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March 23, 1984


JAMA. 1984;251(12):1551. doi:10.1001/jama.1984.03340360019008

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On a December night, Gary was shot and killed on the street. It happened during our junior year of college. For nearly 16 years we had been companions and confidantes, passing through childhood, adolescence, and early adulthood together. Each of us had always provided the other a word of encouragement, an available ear, a shoulder to lean on. In school, sports, and play we competed as equals, and as our lives unfolded, our friendship developed with the same equality.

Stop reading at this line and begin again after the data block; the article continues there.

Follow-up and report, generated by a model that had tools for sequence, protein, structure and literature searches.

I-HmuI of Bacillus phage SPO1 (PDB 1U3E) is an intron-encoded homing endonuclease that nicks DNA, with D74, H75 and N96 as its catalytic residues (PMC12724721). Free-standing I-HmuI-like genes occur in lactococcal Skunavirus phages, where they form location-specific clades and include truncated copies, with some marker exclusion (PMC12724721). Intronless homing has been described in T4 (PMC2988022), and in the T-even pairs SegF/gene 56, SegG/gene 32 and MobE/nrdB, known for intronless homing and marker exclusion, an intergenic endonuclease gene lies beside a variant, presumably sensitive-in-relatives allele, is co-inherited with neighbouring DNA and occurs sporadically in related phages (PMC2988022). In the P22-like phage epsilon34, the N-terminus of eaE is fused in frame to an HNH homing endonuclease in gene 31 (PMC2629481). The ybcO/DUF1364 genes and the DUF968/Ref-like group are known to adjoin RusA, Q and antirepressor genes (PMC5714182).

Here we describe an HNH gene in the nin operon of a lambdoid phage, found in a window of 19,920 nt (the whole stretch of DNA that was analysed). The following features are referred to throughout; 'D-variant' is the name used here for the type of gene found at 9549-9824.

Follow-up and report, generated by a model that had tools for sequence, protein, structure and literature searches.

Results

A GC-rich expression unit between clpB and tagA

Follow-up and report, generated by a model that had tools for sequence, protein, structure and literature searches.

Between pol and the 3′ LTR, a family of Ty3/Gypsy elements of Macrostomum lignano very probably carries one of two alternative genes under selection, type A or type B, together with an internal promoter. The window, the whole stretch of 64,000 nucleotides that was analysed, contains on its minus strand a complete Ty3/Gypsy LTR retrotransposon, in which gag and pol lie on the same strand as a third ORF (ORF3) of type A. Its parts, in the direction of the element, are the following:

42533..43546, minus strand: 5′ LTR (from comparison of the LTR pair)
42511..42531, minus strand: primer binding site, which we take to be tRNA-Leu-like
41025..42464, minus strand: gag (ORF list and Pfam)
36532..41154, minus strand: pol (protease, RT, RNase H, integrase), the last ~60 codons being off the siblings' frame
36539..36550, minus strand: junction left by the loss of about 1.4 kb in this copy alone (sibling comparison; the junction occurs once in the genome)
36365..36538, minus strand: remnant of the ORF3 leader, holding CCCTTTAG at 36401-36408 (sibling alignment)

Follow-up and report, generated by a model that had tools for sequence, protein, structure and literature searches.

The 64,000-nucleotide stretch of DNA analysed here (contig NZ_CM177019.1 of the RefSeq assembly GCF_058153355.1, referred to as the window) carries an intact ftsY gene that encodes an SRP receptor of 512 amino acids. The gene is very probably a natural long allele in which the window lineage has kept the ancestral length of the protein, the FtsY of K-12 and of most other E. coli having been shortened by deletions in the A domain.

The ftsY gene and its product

Staring at his body in the funeral home left me bewildered: Where had Gary gone? This had happened just as he and I thought we had begun to untangle some of life's intricacies. I was 20 years old, and the confrontation with mortality left me breathless, robbed of my desire to fight.

I went through the motions of being back in school. Each day I attended classes and meals. But every